It is estimated to take between 15. and 1,000 years for the average plastic bag to decompose.
Animals can confuse floating bags with sea life to eat, such as plankton and jellyfish. Once they eat it, the plastic clogs up their digestive tract. The animals typically starve to death. Other animals may drown after they are entangled in plastic bags.
The cost of recycling plastic bags is relatively high and many recyclers will not accept them.
The EPA estimates only 2% of all plastic bags are recycled.
If you think paper bags are a better option, you should reconsider. The United States chops down million trees per year to make the pulp to produce paper bags.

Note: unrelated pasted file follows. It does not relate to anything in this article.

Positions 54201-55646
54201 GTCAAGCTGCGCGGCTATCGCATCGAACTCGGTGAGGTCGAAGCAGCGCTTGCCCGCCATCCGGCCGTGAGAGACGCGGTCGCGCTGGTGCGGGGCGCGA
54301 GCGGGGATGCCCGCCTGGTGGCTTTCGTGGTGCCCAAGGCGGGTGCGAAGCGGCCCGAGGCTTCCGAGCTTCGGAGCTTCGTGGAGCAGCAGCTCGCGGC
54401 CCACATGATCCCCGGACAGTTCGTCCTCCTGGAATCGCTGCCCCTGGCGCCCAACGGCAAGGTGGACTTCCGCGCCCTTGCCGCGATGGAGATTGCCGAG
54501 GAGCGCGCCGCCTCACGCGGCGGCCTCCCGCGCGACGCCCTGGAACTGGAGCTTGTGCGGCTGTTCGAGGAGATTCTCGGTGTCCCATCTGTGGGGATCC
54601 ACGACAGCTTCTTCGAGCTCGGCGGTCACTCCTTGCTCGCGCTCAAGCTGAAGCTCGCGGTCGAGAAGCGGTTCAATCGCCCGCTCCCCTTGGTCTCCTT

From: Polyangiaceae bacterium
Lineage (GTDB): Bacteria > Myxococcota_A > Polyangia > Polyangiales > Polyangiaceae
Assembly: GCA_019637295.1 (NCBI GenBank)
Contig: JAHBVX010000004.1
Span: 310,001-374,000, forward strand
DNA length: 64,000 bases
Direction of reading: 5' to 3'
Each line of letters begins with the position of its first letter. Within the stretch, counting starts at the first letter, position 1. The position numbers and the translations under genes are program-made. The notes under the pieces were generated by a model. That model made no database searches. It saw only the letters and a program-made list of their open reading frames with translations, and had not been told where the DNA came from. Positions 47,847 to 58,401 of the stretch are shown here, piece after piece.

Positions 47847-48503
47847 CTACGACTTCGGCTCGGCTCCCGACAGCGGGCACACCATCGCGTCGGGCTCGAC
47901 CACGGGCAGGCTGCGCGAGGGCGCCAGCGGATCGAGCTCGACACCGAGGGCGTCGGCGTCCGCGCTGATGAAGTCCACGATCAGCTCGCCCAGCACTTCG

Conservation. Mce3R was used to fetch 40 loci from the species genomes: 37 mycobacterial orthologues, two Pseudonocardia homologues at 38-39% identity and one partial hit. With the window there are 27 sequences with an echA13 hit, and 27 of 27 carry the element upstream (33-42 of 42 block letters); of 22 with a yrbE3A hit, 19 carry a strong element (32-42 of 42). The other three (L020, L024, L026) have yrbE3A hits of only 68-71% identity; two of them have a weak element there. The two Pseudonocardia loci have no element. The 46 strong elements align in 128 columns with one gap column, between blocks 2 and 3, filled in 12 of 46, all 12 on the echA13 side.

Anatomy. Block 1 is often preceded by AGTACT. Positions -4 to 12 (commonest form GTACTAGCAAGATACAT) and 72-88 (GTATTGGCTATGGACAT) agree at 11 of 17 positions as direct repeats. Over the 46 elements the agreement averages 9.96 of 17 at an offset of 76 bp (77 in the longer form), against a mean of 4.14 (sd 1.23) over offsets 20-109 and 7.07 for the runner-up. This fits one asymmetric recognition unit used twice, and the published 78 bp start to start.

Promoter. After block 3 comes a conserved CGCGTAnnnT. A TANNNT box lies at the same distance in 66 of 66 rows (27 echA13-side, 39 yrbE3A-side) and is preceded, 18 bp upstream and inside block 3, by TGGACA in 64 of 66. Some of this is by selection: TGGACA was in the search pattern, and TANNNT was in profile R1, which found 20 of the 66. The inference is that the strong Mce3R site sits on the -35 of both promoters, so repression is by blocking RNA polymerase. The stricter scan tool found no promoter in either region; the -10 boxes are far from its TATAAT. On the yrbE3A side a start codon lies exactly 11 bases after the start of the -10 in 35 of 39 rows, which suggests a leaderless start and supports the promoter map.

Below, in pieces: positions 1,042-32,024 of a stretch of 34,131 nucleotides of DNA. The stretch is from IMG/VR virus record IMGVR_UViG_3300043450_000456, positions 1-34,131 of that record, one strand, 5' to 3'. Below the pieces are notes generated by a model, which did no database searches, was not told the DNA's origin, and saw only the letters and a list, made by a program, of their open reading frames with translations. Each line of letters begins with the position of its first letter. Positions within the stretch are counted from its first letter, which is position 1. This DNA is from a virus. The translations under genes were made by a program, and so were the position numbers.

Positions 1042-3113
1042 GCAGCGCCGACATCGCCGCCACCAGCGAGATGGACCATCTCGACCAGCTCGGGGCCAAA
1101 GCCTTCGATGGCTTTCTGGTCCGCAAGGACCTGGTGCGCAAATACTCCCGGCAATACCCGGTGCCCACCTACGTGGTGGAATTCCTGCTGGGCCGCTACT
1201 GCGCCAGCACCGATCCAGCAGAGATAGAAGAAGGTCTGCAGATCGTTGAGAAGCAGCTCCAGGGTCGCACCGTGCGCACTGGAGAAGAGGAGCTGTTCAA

Paper bags produce double the atmospheric waste as plastic bags, so they are not really a better option for the environment.
Thrown away plastic bags have shown up as far away as the Arctic Circle and as far south as the Falkland Islands, the British Antarctic Survey reports.
Plastic bags do not always remain in landfills due to their light weight. They often flutter away and are stuck in trees and littering our coasts.
Petroleum products are used to make plastic bags, which are nonrenewable resources.
Plastic bags comprise 10% of the washed up garbage that pollutes American coastlines.
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